So the chances that the origins of this hoax will ever be revealed are now conveniently small. Was it the work of a pair of clever Turkish con men? (Swindling Saddam's agents sounds like a very unhealthy idea. Wouldn't they examine the goods before handing over the $5 million? Wouldn't they shoot someone who tried to sell them a handful of useless metallic dust?) Or was it a disinformation scheme concocted to further certain political aims?Well, Joe, my first guess would be that the news that the whole thing was a hoax is inherently uncomfortable for the media, considering how they hyped it, and they probably don't want to explore it any further. After all, if it isn't scaring somebody, why play it?
A clue appeared two days ago in Kommersant, a Russian publication whose correspondent revealed what he had learned on the Debkafile Web site, which claims to have sources at high levels in various intelligence and military services (particularly the Israeli Mossad). According to Debkafile, "the uranium seizure resulted from a joint operation by the [Russian] Foreign Intelligence Service and the CIA which began at the start of August." How interesting. After they played this hoax so big, why aren't the media more curious about the perpetrators?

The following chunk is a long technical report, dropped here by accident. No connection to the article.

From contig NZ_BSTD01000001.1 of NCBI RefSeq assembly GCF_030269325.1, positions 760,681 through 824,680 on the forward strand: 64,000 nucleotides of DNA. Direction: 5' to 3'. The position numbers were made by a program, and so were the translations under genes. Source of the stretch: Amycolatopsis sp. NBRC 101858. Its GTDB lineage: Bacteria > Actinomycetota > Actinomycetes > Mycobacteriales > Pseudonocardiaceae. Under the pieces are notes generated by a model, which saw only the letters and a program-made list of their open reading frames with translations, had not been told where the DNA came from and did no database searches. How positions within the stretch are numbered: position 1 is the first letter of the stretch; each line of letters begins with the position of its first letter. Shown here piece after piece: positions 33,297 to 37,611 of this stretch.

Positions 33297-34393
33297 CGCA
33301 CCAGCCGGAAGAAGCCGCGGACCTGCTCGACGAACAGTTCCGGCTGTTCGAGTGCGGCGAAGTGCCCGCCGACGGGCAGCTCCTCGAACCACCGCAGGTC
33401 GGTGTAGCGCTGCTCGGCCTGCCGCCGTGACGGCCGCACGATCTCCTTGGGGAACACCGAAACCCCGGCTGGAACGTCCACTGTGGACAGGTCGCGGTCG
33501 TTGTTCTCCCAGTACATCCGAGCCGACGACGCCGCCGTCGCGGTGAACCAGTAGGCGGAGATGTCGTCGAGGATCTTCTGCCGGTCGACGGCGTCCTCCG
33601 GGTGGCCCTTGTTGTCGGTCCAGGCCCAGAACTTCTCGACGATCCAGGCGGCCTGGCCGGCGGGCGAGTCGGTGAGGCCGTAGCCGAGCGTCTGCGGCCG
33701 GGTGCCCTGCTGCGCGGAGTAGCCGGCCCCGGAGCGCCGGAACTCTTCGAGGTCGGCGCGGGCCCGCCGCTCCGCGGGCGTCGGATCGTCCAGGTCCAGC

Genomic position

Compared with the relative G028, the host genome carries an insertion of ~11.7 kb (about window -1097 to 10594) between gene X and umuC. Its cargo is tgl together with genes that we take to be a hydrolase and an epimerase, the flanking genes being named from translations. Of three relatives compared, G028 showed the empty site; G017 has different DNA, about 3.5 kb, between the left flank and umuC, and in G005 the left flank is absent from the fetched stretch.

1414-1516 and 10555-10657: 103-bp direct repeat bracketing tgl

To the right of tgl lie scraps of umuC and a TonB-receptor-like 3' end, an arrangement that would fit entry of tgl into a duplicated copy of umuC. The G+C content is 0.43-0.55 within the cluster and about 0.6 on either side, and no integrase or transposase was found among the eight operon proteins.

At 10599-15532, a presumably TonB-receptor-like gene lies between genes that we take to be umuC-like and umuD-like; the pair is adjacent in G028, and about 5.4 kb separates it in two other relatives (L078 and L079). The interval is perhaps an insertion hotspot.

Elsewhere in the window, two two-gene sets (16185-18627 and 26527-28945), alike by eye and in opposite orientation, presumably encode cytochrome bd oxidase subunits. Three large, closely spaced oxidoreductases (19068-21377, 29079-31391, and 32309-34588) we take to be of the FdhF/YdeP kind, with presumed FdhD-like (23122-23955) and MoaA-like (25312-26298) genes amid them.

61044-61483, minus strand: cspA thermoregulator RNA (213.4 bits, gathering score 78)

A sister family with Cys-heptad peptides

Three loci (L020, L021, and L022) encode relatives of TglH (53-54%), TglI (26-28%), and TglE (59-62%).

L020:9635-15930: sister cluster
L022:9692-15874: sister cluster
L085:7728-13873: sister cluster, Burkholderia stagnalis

Then again, I'd also speculate that since the American media is rather big into the self-censorship these days, they aren't really going to chase a story that could possibly create the perception that there was an attempt by an arm of the U.S. government to deliberate misinform the people it is supposed to represent... or that said arm was so appalling incompetent as to get hoodwinked by a scam this lame. That's just me, though.